Special counsel Robert Mueller continues to examine the 2016 hack of the Democratic National Committee and whether various individuals had knowledge of it before documents were dumped on WikiLeaks. These individuals include Jerome Corsi (who we have covered before), former Trump campaign advisor Roger Stone and the associates of the deceased Peter W. Smith.
According to Byron Tau of the Wall Street Journal, “Mueller has Stone’s telephone records and evidence Smith had foreknowledge of hacks” by the fictitious persona known as Guccifer 2.0.
The Mueller Probe has concluded Guccifer 2.0 was actually a group Russian military intelligence officers.
Smith died last year at 81, and police have not found evidence to suggest that it was anything other than a suicide. The Chicago Tribune reported that it seemed Smith had “a lot on his mind” the day he died.
It’s been reported for some time that Stone, Corsi and Randy Credico‘s contact with WikiLeaks was under investigation.
Although Mueller’s office did not comment, one person “familiar with the matter” said that Smith’s associates were being questioned and that investigators “have evidence” Smith “may have had advance knowledge of details about the release of emails from a top Hillary Clinton campaign official by WikiLeaks.”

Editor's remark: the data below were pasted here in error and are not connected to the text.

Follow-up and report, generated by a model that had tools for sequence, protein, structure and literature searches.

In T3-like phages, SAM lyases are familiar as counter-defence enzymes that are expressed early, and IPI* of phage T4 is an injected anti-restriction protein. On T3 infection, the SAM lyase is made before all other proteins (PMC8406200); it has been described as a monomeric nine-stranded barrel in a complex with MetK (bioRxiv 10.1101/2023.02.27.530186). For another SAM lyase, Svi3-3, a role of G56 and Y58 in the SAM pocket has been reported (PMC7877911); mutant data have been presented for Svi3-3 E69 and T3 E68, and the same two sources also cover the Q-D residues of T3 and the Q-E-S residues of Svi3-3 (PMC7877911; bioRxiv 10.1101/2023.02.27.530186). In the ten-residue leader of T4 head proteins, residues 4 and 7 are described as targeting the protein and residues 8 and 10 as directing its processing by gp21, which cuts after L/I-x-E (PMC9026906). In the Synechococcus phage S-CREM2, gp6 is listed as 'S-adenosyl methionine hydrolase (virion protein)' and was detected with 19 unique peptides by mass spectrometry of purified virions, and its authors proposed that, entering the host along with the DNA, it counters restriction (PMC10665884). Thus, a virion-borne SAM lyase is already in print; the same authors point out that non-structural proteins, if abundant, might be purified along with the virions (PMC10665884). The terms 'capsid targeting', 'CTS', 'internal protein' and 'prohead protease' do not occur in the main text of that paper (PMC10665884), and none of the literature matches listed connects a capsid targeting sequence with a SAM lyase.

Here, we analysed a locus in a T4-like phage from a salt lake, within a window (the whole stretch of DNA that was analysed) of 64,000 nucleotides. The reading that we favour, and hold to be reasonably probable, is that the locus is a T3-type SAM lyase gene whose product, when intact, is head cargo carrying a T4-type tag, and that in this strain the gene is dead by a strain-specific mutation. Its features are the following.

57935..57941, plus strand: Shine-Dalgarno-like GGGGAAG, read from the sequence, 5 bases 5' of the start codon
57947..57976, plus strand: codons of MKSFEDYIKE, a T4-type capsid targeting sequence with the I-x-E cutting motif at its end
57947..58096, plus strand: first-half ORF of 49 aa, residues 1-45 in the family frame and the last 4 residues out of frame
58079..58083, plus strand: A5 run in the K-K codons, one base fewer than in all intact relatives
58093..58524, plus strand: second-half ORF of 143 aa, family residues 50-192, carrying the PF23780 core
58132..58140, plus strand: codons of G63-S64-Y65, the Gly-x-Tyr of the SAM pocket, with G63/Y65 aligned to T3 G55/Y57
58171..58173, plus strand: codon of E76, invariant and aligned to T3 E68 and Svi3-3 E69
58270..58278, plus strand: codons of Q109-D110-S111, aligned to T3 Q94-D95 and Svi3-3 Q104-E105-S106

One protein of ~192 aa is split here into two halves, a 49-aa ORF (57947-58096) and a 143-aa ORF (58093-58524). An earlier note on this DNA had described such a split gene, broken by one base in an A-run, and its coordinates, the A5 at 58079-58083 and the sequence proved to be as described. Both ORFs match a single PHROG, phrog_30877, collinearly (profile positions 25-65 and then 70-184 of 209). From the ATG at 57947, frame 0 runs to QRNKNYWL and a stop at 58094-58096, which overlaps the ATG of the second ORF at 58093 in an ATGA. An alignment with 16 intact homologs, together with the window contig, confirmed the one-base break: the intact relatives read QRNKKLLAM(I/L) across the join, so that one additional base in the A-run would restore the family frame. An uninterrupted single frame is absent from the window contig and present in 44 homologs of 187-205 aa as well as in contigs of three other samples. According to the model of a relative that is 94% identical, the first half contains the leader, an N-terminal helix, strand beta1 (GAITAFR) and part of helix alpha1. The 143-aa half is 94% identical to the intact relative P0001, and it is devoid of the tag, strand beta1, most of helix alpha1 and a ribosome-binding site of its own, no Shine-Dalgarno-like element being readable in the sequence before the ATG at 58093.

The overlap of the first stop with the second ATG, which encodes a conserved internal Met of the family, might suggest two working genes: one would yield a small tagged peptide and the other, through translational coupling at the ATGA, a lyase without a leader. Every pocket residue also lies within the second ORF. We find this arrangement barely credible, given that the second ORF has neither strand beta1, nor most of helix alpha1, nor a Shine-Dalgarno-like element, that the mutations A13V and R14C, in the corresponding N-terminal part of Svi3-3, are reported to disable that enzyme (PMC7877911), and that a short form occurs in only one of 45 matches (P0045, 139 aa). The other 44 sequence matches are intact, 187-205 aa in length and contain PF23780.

Smith reportedly raised $100,000 in a search for damning Clinton emails.
It’s not clear at this time how connected this is to Roger Stone and WikiLeaks, but WSJ reported that the “person familiar with Mr. Smith recalled him repeatedly implying that he knew ahead of time about leaks of Mr. Podesta’s emails”:
It isn’t clear to what degree, if any, Mr. Stone’s and Mr. Smith’s efforts were connected. Messrs. Smith and Stone had mutual associates in Mr. Corsi as well as former Wall Street financier Charles Ortel, who was researching the Clinton Family Foundation, emails and public comments show. Mr. Stone said he wasn’t aware of Mr. Smith’s work. Mr. Ortel said he wasn’t aware of a relationship between Mr. Stone and Mr. Smith.
Mr. Smith referred to his project as the “Clinton Email Reconnaissance Initiative.” He compiled a long list of businessmen, activists, lawyers, researchers and Trump campaign officials who he wanted to work with to obtain Mrs. Clinton’s 33,000 emails. While many people on that list say they never gave Mr. Smith permission to use their names, some were copied or named in emails circulated by Mr. Smith in 2016. Others got unsolicited approaches from Mr. Smith they say they never responded to.
Stone, for his part, maintains that he did nothing wrong but wouldn’t be surprised if Mueller tried to charge him with some crime.
[Image via Andrew Burton/Getty Images]
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